"We wouldn't have shied away from adding if (the draft) would've fell that way but it just didn't. At the same time, I didn't feel an overwhelming need to be aggressive toward that position because I really like the guys in that room."

As for the No. 1 corner, Jaire Alexander, he showed up for offseason workouts Day 1 after skipping them last season and foregoing a contract bonus in the process.

"Jaire's been outstanding," LaFleur said. "He looks great, he looks like he's in great shape. He's really been busting his butt. He's been the leader we expect him to be."

  1. The transition to new defensive coordinator Jeff Hafley's scheme is just getting started.

The first two weeks of offseason workouts are limited to strength and conditioning. This third week marks the beginning of players working directly with their position coaches and coordinators, which will keep Hafley and his mostly new defensive staff busy.

"The vision is there," LaFleur said. "It's already laid out, mapped out, and now it's about the execution of that vision. It's teaching our players their assignments, what coverages, what fronts we're going to run, and then just trying to get everybody to play to a certain style."

There's a combination of patience required and urgency demanded – in the limited (via CBA) hours coaches can spend with players at this stage – to make enough progress in order to maximize on OTAs later this spring.

"You have to go through the whole process," LaFleur said. "There's going to be some learning along the way."

  1. Details on the Packers' upcoming Brazil trip remain in flux.

LaFleur said a number of logistics have yet to be worked out to get the Packers to Brazil for their Week 1 matchup with the Eagles in early September. He's leaving that to others and promising a more positive outlook about this trip than when the Packers gave up a home game to go to London in October two years ago.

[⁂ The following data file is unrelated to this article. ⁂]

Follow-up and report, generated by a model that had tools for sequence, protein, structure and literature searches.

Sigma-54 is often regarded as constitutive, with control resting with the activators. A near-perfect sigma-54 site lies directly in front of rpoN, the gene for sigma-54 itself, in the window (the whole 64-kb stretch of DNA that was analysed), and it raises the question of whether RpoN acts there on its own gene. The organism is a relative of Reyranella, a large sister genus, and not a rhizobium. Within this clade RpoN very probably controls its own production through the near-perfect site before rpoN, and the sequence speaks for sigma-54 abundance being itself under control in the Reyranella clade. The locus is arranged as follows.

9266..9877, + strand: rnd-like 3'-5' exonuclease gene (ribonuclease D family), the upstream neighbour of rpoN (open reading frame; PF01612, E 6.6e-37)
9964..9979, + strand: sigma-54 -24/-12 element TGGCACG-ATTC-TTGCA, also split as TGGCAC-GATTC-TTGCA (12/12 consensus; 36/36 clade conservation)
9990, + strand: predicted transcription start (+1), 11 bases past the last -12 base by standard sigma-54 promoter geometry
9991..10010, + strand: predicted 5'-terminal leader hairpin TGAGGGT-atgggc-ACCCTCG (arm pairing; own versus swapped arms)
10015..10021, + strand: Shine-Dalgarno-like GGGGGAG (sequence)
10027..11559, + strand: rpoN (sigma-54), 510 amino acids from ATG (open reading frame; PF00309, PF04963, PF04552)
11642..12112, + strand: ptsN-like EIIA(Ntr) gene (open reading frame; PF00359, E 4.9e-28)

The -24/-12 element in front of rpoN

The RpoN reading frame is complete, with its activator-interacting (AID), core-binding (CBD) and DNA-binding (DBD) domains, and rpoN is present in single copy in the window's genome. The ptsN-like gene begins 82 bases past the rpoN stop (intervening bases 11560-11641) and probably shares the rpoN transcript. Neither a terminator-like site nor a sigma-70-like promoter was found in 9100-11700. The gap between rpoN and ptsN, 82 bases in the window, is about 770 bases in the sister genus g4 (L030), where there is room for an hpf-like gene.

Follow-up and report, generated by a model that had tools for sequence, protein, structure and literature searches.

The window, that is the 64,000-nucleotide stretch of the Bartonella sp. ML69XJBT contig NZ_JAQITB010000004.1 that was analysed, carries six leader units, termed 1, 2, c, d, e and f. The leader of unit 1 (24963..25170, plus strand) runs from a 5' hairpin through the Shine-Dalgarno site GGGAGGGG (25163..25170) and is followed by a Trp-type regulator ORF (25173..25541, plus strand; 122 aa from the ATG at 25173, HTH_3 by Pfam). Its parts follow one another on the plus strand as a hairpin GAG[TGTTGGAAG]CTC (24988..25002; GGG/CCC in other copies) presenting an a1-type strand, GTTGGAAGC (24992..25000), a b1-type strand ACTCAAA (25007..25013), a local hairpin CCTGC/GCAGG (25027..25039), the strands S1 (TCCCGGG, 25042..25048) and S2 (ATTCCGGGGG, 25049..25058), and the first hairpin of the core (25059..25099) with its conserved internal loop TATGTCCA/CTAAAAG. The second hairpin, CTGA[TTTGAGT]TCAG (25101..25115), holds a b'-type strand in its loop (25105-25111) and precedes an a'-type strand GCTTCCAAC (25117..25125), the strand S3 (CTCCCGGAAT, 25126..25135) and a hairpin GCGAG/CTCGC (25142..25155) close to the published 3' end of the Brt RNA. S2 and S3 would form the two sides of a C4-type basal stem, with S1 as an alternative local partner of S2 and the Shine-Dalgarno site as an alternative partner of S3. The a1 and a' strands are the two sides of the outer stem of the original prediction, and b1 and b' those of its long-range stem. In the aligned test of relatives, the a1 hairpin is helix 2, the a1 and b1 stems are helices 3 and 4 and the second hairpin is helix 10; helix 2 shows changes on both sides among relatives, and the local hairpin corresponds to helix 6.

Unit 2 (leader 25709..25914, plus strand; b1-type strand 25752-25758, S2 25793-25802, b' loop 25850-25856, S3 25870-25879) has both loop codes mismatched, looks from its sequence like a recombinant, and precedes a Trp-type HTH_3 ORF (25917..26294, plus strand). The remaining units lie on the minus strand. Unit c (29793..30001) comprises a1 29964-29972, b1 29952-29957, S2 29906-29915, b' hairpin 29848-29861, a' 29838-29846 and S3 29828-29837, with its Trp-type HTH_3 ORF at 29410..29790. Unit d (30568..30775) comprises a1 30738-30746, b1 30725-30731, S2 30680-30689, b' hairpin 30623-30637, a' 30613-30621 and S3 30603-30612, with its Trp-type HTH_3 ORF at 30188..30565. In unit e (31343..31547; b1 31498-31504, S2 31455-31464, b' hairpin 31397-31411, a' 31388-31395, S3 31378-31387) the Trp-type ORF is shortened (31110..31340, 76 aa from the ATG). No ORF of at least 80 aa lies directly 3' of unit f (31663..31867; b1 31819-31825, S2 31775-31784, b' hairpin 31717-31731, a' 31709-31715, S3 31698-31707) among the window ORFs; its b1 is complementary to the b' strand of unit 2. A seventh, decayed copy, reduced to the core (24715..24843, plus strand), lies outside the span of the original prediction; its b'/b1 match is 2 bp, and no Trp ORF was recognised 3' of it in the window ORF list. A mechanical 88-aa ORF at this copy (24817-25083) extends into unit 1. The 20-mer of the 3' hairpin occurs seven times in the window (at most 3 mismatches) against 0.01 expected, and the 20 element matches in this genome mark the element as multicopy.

"We will embrace this, absolutely," said LaFleur, emphasizing that it's to the Packers' advantage to not have to play what would've been a road game in a hostile environment like Philadelphia's Lincoln Financial Field.

"Hopefully, it'll be a home crowd for the Green Bay Packers."

  1. No one knows exactly what it's going to look like, but the 2025 NFL Draft in Green Bay will really be something.

Speaking of details to sort out, the league has plenty before next year's draft in Titletown, but the anticipation will begin building soon enough.

"What did they say, over 700,000 attended the draft?" LaFleur said of this year's three-day event in Detroit. "I can't imagine that many people in Green Bay, but it's going to be interesting. I think it's going to be exciting for the community."

Added Gutekunst: "I mean, it's turned into something that I don't think I could have ever predicted when I first started in this, that there would be that many people and that much excitement for the live part of the draft.

"But what it's going to do for this city, this town, I think it's exceptional and really excited to see how it all transpires and how they handle it."